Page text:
A week ago, I had ambitions of reviewing Policia! Policia!. Late as it would be, I wanted to see if I had the chops to write a decent music review after authoring paragraphs of drivel for Dallas Music Guide. But after three straight posts about the same album’s remix, I figured a review would be overkill and was ready to abandon the idea. Truthfully, Policia! Policia! hadn’t made much of an impact on me anyway, until yesterday during a trip to Wichita Falls. I wanted to hear the album again before I listened to the remix, so I brought it along. Maybe it was my rented Four Runner’s superior audio system, but the album finally crossed that blessed line between listenable and infectious.
What happened is I finally started listening to the words. As a music-listener, I’m very much an infant with letter blocks. I’ll build forts or castles or factories with them, but very rarely do I actually notice the alphabet in front of me. The first time I heard Policia! Policia!, I related to the music spatially, noticing the couple of times the songs would drop into a higher gear and the gravity of the riff took them over. The musical result was jarring, surprising, pleasant. Relating to the music literarily, though, adds a new dimension.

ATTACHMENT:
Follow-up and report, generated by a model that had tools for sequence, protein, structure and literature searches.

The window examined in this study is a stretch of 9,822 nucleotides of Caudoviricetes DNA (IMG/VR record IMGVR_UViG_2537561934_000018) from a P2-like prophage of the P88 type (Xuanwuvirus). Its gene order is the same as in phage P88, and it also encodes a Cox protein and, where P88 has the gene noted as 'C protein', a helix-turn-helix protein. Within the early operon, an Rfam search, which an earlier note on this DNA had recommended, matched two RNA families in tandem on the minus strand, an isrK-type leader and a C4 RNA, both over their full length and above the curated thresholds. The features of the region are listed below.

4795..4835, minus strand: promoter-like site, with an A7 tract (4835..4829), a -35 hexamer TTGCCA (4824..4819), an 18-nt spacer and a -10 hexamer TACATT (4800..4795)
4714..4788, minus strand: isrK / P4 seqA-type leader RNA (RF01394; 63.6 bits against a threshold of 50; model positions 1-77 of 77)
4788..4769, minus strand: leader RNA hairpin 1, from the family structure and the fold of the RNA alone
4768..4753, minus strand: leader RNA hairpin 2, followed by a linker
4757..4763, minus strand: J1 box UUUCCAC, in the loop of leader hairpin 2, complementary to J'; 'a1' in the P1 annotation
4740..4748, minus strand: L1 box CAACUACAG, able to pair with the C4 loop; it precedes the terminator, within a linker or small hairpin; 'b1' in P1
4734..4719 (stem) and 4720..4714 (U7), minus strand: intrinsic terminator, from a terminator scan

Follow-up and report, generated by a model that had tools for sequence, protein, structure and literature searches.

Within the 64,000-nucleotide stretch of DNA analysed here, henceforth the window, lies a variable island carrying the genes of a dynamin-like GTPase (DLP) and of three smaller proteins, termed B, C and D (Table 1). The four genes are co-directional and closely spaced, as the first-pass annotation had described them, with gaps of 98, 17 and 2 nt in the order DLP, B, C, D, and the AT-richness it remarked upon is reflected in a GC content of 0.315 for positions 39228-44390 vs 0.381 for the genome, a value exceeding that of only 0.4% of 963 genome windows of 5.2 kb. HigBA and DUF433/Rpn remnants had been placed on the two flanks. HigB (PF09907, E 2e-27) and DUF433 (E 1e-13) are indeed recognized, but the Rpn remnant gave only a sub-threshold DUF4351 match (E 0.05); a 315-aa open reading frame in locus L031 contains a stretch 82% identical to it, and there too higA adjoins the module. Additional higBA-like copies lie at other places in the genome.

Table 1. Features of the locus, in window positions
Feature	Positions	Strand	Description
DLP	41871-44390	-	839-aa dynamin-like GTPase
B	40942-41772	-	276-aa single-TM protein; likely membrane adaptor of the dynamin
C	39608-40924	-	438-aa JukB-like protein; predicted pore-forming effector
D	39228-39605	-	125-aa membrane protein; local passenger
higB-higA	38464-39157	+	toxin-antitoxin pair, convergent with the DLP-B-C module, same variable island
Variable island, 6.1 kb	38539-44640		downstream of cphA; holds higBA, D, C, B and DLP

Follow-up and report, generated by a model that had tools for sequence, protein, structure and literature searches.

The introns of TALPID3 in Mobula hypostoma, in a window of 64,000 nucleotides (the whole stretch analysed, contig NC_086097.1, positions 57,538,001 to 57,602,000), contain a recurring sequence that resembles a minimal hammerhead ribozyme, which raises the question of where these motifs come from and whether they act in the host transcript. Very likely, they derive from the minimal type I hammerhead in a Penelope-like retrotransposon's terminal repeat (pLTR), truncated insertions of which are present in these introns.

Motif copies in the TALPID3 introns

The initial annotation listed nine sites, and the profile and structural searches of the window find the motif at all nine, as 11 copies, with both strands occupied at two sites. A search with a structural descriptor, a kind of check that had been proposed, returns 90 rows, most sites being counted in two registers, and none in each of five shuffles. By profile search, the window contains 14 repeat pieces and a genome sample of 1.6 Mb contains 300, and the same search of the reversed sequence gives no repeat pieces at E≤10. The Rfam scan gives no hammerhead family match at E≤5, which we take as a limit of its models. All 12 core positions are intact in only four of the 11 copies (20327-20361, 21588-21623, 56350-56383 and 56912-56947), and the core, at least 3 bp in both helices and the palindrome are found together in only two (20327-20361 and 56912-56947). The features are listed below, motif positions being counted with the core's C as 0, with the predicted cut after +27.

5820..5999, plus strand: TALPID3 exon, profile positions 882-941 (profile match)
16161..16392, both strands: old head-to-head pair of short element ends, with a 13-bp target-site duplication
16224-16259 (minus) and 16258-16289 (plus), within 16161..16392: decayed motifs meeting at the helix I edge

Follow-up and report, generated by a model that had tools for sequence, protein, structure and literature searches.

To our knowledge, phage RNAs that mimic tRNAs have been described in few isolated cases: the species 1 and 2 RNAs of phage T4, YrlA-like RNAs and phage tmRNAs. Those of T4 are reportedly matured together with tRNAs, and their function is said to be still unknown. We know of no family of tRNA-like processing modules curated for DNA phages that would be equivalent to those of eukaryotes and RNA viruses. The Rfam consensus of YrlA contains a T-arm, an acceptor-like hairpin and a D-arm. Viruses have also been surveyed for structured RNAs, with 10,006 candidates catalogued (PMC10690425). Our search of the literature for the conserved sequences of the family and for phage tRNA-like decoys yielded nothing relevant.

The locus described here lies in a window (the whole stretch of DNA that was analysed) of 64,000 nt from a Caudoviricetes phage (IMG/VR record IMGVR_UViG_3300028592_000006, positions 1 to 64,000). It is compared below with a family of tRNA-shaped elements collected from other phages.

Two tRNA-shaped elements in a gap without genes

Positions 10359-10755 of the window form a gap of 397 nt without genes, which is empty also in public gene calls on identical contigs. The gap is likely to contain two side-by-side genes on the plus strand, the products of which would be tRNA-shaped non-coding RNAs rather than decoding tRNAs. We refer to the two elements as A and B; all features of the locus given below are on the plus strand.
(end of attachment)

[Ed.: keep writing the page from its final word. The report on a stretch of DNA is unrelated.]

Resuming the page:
Anyone who heard Red Monroe’s debut, Meeting on a Train, or even their self-titled EP, noticed the band made a drastic swerve with Polica! Policia!. The previous sound was one of finesse, favoring sounds that surrounded the listener, to the point of eschewing a catchier take of the song “Althea” for a simpler one awash with distant background noise. I thought Red Monroe’s music would get spacier, floatier, more ambient with each album. By stark contrast, Polica! Policia! finds the band sharper nearer-at-hand. The lyrics have gone from ominous reverie to naked palpability. The approach now resembles Flannery O’Conner’s terrifying Southern gothic. “She waits on a tidal wave” becomes “taking you from your parent’s basement is like trying to peel flesh from a stone.” The former, from Meeting on a Train is dreamier, but makes more sense. The latter, from Policia! Policia!, is much more tangible, but cryptic.
Personally, I think Dallas finally got to Red Monroe. DFW’s attractive real-estate prices and sunny weather is supposed to make it play nice. But Dallas is mean. It railroads over the poor and chases off the homeless. In the words of Deep Ellum graffiti, Dallas hearts cash and little else. Red Monroe says as much: “The difference is Southern businesses will kill you then call your kids to collect.” Policia! Policia! hits closer to the bone with all its flesh and factories and knee high boots. The album’s characters are realer too: fickle, indecisive, with minds full of sex and murder. If the lyrical narrative is befuddling, it’s also near. It’s funny how the stuff of the day-to-day that rubs up against your arms, hits you in the chest, and gets in your eyes can be the most confusing, most frightening, most imposing.